Our interpretation of the statute as authorizing attorney fees and costs when a borrower obtains a preliminary injunction is further supported by the purpose of the statutory scheme, set out in section 2923.4, subdivision (a): “The purpose of the act that added this section is to ensure that, as part of the nonjudicial foreclosure process, borrowers are considered for, and have a meaningful opportunity to obtain, available loss mitigation options, if any, offered by or through the borrower’s mortgage servicer, such as loan modifications or other alternatives to foreclosure. Nothing in the act that added this section, however, shall be interpreted to require a particular result of that process.” In enacting the statutory scheme, the Legislature mandated a process for fair consideration of options other than foreclosure. As we have explained, when a lender fails to comply with that process, the borrower prevails by obtaining a preliminary injunction requiring the lender to comply with the process. After correcting the error, the lender may move to dissolve the preliminary injunction, and in such cases, there will be no need for a trial regarding a permanent injunction. The Legislature’s purpose is fulfilled by providing attorney fees and costs to a borrower who successfully forces the lender to comply with the statutory process by obtaining a preliminary injunction.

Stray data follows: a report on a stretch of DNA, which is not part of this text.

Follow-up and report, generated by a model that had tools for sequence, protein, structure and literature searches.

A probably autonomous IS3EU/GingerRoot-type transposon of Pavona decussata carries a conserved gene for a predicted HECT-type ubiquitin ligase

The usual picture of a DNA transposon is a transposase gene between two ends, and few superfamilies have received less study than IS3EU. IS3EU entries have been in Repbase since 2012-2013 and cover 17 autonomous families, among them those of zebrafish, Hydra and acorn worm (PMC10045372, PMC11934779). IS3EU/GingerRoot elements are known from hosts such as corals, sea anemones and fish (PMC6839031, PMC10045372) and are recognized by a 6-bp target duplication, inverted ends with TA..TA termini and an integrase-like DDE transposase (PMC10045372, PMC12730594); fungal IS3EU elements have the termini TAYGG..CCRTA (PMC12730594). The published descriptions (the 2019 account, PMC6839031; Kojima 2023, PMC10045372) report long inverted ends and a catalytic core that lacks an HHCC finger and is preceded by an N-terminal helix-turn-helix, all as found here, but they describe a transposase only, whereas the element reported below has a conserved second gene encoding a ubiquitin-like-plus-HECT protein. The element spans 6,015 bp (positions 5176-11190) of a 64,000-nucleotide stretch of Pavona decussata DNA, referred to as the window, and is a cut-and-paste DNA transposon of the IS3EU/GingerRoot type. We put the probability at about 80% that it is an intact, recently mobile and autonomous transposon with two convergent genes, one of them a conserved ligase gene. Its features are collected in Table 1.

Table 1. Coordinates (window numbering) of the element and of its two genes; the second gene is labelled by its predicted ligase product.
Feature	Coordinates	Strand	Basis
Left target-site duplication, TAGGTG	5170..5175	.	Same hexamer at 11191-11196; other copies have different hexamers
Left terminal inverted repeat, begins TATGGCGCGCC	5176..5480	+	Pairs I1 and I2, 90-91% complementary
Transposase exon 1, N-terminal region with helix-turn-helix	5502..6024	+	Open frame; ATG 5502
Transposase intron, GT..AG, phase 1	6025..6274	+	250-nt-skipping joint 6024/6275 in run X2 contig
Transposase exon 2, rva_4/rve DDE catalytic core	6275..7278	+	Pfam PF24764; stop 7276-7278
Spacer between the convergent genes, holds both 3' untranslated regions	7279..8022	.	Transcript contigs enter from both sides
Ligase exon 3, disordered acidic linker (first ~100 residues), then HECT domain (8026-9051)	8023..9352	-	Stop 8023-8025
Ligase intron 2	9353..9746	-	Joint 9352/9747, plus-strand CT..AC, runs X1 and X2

Finally, the legislative history demonstrates unequivocally that the Legislature intended to authorize an award of attorney fees and costs when a trial court grants a preliminary injunction as a result of a lender’s violation of sections 2923.55, 2923.6, 2923.7, 2924.9, 2924.10, 2924.11, or 2924.17. As explained in the July 2, 2012 Senate Rules Committee’s “Conference Report No. 1” regarding Senate Bill No. 900, as amended June 27, 2012, page 29: “Importantly, no action for money damages would be allowed until the date the trustee’s deed is recorded after a foreclosure sale. At all times until then, the only legal remedy a homeowner may seek is an action to enjoin a substantial violation of the specified sections, along with any trustee’s sale. When a court considers a request for injunctive relief it must determine whether there is convincing evidence of harm if the injunction is not granted. The court will also consider if the borrower has a likelihood of prevailing on the merits. As part of that consideration, no legal action would be permissible if brought in bad faith or intended merely for the purpose of unnecessary delay, and no injunctive relief could be awarded unless the homeowner could show a likelihood of prevailing on the merits in relation to the balance of harms. Any such injunction is to be dissolved if the moving party shows that the violation has been redressed. No special pre-litigation procedures or particular allegations are required by the amendments, whether or not the sale is pending. Conversely, the servicer or other covered entity may avoid legal action by curing the violation any time prior to recordation of a trustee’s deed. This right to cure is not unprecedented in comparable circumstances where the parties are known to each other and have an established relationship of ongoing communication. Equivalent provisions may be found in Civil Code Section 910 et seq. and Labor Code Section 2698 et seq. If it is necessary to order injunctive relief, a party who obtains an injunction is among those who is recognized as a prevailing party for the purposes of attorney’s fees and costs. As with the vindication of other important statutory rights, an award of attorney’s fees and costs is to be decided by the court. (See, e.g., Code of Civil Procedure Section 1021.5; Government Code Section 12965; Civil Code Section 52.1.)” (Italics added.) Thus, the Legislature understood that the intent of the statutory scheme was to permit a trial court